Abstract: Field of study choice has far-reaching implications for individuals enrolling in university. Field of study choice is strongly linked to the subject matter graduates will specialize in, the kind of work environment they will be working in, and the returns to their skills they can expect once they enter the workforce. This paper uses unique Dutch data which demonstrates that personality measured at age 14 can be linked to field of study choice at around age 19. It can be shown that the Big Five personality traits affect field of study choice. Moreover, while personality matters less than cognitive skills, such as math ability and verbal ability, for educational attainment, the influence of personality on field of study choice is comparable to that of cognitive skills. Sorting across fields of study on the basis of personality traits is in some respects similar for women and men, although substantial differences exist.
    Keywords: Analysis of Education; Human Capital; Skills; Occupational Choice; Labor Productivity;
    JEL: I21 J24
    Date: 2014
  7. By: Rud, I.; Van Klaveren, C.; Groot, W., and Maassen van den Brink, H.
    Keywords: Restorative Justice, Education, Juvenile Crime, Field Experiment
    JEL: I2 K4 C93
    Date: 2014
  8. By: Steve Gibbons; Olmo Silva; Felix Weinhardt
    Abstract: There are large disparities between the achievements, behaviour and aspirations of children in different neighbourhoods - but does this mean that the place where you grow up determines your later life outcomes? Steve Gibbons, Olmo Silva and Felix Weinhardt outline the findings of a series of CEP studies of 'neighbourhood effects'.
    Keywords: Education, behaviour, attainment, neighbourhood effects, cognitive and non-cognitive outcomes, schools
    JEL: C21 I20 H75 R23
    Date: 2014–02
  9. By: Arco, Joaquim (University of Algarve); Fragoso, António (University of Algarve)
    Abstract: This paper intends to reflect the ways in which eight primary school teachers constructed their learning identities in different contexts of their life courses. Different forms of learning suggest that educators faced hard transitions in their learning identities and careers. The biography of each interviewee was a dynamic process in which each used all their skills to build their own life’s trajectory. These educators had no fixed identities; they changed and became different persons. In each new situation their identities are (re) built, updated and modified. In each situation new experiences are encountered, which are integrated by the subjects in the process of biographical (re) construction. Each educator used their knowledge, their motivations and their experiences to build her/his biographical learning in a dialogue within the various contexts. The biography of each educator was being progressively constructed over the course of life, through the transition of multiple learning identities. This study is an example of teachers who did not follow a linear life course; they preferred to change, to face challenges, to take risks and to live the profession as a succession of learning identities.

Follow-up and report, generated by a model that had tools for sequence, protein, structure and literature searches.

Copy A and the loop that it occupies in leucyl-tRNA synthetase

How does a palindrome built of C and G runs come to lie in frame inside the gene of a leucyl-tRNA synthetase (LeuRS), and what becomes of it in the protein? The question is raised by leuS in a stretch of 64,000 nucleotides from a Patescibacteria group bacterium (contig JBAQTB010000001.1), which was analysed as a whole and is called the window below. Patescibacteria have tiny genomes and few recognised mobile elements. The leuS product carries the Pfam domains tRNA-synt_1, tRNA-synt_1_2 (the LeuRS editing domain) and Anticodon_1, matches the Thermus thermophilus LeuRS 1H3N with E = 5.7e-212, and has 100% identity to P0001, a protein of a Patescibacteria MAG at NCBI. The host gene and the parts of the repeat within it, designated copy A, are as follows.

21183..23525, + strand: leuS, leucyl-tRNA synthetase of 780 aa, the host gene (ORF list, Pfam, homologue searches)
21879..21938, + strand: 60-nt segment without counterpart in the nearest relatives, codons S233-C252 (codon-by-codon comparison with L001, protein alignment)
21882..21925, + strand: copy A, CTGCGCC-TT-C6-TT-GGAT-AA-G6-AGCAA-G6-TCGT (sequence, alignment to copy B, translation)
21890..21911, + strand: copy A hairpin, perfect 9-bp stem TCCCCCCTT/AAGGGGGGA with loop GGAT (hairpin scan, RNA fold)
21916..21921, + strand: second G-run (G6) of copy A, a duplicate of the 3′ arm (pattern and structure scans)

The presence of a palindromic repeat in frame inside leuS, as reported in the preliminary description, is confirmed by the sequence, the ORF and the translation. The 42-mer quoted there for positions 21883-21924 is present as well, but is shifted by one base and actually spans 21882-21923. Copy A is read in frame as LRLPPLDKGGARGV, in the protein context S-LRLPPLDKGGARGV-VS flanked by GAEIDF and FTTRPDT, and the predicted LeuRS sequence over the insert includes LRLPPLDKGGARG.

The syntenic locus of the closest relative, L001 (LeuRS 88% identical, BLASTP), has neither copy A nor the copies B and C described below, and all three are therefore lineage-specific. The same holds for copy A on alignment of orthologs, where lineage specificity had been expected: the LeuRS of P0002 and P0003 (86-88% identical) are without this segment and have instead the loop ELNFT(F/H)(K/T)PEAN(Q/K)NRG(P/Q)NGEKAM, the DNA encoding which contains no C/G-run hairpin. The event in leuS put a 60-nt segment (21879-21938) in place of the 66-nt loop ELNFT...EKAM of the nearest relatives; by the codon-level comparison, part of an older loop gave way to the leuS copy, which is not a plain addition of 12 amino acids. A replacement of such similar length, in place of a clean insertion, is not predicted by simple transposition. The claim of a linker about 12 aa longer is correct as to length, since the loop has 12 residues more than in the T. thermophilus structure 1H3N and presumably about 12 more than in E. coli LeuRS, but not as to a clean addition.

Keywords: Learning Identity; Biographical Knowledge; Biographycity; Educator Development
    JEL: I21
    Date: 2014–02–07
  10. By: Frank M. Fossen; Daniela Glocker
    Abstract: Stated survey measures of risk preferences are increasingly being used in the literature, and they have been compared to revealed risk aversion primarily by means of experiments such as lottery choice tasks. In this paper, we investigate educational choice, which involves the comparison of risky future income paths and therefore depends on risk and time preferences. In contrast to experimental settings, educational choice is one of the most important economic decisions taken by individuals, and we observe actual choices in representative panel data. We estimate a structural microeconometric model to jointly reveal risk and time preferences based on educational choices, allowing for unobserved heterogeneity in the Arrow-Pratt risk aversion parameter. The probabilities of membership in the latent classes of persons with higher or lower risk aversion are modelled as functions of stated risk preferences elicited in the survey using standard questions. Two types are identified: A small group with high risk aversion and a large group with low risk aversion. The results indicate that persons who state that they are generally less willing to take risks in the survey tend to belong to the latent class with higher revealed risk aversion, which indicates consistency of stated and revealed risk preferences. The relevance of the distinction between the two types for educational choice is demonstrated by their distinct reactions to a simulated tax policy scenario.
    Keywords: Educational choice, stated preferences, revealed preferences, risk aversion, time preference
    JEL: I20 D81
    Date: 2014
  11. By: Martin Paldam (Department of Economics and Business, Aarhus University, Denmark)
    Abstract: The essay presents and explains a highly stylized story of the reactions of the structure of a university to a constitutional reform – in the university law – that radically changed the power structure from a bottom-up representative system to a top-down hierarchical system practically without checks and balances. It was meant as a more business-like system to increasing effective-ness. However, the result has been precisely the reverse. Both the (relative) size and the salaries of the bureaucracy have increased, while its effectiveness has fallen. The bureaucracy has grown particularly fast in the special service bureaus outside the normal structure and in the PR-department. It is shown that these outcomes correspond to the predictions of public choice theory notably of Niskanen’s theory of bureaucracy.
    Keywords: Constitutional reform, bureaucratic growth
    JEL: D73 L32
    Date: 2014–02–06